This winter, I've spent one day a week volunteering on a farm just outside the city. It's been wet, and cold, and the labor is not glamorous - putting in fenceposts, pulling weeds, repairing various equipment - but I get to work side-by-side with Rob, the farmer, and I've learned a lot just by watching, listening, and asking questions.
On one of my first visits to his farm, Rob requested my help in emptying a 55-gallon drum of waste from their composting toilet. This particular drum had been filled and sealed three years prior, and had since turned into fertilizer. We strapped the drum to a dolly, and three of us pushed and pulled it up the hill and into the pasture. When we stopped, Rob loosened the bolts holding on the lid, and we tipped the drum over, spilling odorless, dark brown soil onto the grass. Along with the compost, out tumbled a plastic water bottle and an old spatula. A spatula? I thought, glancing at the other intern, whose face reflected my own confusion. Rob considered the find, and then explained: three years ago, his younger daughter had been in diapers. He and his wife had used the spatula to scrape the (cloth) diapers clean before washing them; it must have fallen in at some point. Rob picked up the spatula , shook off the loose dirt, and stowed it in the side pocket of his Carhartts.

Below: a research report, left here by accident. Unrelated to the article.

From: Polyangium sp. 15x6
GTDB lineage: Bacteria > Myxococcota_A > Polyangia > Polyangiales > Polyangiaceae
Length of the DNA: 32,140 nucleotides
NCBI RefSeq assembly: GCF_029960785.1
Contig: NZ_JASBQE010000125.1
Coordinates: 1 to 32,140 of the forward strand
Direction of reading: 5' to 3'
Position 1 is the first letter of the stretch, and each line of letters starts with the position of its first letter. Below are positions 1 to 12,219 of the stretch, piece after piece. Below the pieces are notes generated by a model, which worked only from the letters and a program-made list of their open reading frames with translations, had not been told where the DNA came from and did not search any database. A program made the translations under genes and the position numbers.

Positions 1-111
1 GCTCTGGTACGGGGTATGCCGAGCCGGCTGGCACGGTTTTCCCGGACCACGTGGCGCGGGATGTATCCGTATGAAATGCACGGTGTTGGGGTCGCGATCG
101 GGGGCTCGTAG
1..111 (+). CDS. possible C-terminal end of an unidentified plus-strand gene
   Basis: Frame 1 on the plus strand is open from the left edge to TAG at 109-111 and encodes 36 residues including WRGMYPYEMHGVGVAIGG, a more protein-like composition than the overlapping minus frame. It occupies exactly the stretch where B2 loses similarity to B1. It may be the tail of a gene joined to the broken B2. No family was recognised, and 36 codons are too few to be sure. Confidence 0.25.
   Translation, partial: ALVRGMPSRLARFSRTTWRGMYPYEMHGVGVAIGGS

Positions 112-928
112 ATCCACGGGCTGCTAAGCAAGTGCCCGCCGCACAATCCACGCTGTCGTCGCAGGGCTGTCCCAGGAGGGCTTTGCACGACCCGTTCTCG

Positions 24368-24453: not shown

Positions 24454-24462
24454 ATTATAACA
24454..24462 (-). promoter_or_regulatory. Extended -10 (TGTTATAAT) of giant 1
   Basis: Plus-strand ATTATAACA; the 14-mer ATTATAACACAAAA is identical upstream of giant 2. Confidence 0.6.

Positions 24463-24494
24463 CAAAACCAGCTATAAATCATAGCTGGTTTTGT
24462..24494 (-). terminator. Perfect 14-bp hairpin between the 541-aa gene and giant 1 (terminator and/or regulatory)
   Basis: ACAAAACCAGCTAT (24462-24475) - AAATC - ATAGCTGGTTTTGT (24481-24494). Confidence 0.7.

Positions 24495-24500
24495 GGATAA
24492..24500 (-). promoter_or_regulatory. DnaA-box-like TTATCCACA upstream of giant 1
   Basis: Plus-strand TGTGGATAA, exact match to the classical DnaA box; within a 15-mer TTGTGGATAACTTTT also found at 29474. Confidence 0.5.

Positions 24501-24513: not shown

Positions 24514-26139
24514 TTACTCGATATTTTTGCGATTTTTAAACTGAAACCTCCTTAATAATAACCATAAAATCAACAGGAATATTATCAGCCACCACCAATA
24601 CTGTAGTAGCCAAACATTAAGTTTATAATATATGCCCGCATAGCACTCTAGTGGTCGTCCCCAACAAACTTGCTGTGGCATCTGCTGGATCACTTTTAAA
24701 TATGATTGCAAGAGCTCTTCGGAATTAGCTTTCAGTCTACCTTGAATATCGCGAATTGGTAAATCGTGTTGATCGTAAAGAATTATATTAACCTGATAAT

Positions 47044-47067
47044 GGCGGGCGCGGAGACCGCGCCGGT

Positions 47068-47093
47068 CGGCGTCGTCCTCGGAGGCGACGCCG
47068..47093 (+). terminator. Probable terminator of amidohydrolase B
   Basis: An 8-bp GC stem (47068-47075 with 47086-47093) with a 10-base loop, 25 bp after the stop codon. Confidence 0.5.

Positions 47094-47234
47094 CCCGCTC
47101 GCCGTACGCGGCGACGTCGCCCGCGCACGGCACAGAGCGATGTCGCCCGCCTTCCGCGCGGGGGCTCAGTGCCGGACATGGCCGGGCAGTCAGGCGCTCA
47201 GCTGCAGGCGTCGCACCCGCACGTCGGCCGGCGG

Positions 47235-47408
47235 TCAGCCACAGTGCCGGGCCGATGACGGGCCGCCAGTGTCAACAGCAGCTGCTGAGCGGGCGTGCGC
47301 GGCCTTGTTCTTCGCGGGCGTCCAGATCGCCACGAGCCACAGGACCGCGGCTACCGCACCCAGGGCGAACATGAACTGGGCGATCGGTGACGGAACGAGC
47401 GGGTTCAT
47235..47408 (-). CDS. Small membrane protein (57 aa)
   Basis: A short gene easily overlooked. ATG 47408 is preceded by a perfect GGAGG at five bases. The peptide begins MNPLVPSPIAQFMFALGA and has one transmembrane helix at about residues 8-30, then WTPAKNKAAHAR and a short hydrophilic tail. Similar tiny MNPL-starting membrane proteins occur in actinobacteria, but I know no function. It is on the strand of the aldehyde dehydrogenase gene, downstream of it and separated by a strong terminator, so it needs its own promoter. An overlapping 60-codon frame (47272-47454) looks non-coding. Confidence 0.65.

While I consistently try not to romanticize Rob's lifestyle, I was struck in that moment by the intimacy and complexity of his relationship to the farm. Everything has a history, everything plays a role, and nothing goes to waste. Including the poop.
On another note, the most exciting thing about getting excited about food is that lots of people are doing it - especially young people. I found a lovely essay on the Green Fork Blog about why so many 20-somethings are steering their lives toward farming. In "Cultivating Change: Interns on the Farm," Neysa King captures everything I've been feeling and trying to say in this article.